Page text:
Leila*, 19, has a soft, rasping voice and sad eyes. Her face is striped with long scars but nothing in her neat appearance hints that for the last nine years, her ‘home’ has been the streets just north of downtown Cairo.
The group of buildings near Tahrir Square could be modern campus-style office space anywhere. It’s hard to believe that just outside the heavy steel gates lies downtown Cairo, the noisy, polluted and now troubled heart of Egypt.
The Middle East has some of the best and worst education systems in the world and they are attracting the attention of entrepreneurs keen to make a difference – and a buck.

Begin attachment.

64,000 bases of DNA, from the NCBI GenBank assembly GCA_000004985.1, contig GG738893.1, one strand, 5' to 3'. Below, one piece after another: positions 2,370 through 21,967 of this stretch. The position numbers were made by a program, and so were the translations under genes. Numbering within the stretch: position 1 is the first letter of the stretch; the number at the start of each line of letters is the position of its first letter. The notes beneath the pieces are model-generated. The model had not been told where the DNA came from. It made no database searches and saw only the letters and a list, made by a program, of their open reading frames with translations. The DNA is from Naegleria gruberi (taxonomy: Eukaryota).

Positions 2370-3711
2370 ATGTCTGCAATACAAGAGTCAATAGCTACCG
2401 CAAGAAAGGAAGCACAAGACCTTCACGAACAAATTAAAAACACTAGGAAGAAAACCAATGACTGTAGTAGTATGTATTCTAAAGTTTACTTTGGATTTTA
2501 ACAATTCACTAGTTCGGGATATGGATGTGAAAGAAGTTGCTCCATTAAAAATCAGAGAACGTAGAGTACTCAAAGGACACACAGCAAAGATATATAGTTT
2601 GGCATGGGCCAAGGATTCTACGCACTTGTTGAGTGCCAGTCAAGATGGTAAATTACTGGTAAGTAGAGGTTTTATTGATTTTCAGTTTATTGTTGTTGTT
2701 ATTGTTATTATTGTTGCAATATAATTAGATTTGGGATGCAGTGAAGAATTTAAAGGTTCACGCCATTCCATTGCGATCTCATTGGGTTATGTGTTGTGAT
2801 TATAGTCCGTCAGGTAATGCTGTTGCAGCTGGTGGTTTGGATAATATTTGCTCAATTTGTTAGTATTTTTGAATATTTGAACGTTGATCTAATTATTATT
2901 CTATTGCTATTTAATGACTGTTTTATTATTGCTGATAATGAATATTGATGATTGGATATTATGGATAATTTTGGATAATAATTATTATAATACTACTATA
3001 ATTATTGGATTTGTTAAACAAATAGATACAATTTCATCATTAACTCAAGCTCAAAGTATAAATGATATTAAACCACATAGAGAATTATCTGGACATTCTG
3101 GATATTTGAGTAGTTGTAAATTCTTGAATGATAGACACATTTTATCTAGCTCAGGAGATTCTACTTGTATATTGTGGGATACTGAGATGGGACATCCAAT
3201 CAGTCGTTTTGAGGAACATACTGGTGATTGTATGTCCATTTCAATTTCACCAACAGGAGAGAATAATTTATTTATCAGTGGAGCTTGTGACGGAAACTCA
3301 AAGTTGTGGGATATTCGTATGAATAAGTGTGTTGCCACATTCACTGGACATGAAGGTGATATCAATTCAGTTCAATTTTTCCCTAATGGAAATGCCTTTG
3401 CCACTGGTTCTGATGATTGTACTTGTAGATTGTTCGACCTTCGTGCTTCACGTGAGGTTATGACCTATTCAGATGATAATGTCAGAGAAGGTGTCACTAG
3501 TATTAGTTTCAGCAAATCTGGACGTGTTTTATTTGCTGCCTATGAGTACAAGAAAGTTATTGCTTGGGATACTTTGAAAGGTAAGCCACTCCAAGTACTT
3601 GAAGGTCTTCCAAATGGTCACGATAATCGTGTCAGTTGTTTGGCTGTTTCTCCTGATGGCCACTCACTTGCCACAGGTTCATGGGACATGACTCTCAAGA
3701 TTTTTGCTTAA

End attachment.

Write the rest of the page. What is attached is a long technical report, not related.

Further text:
Evidence is mounting to suggest women entrepreneurs are more common in the Middle East than in startup capital Silicon Valley, and some even say it’s a more supportive place for them to start a business.
The young couple inspecting Dr Bassem Elhelw’s Cairo Fertility Clinic knew what they wanted from him: a baby boy. They also knew they wanted the child by in vitro fertilisation (IVF).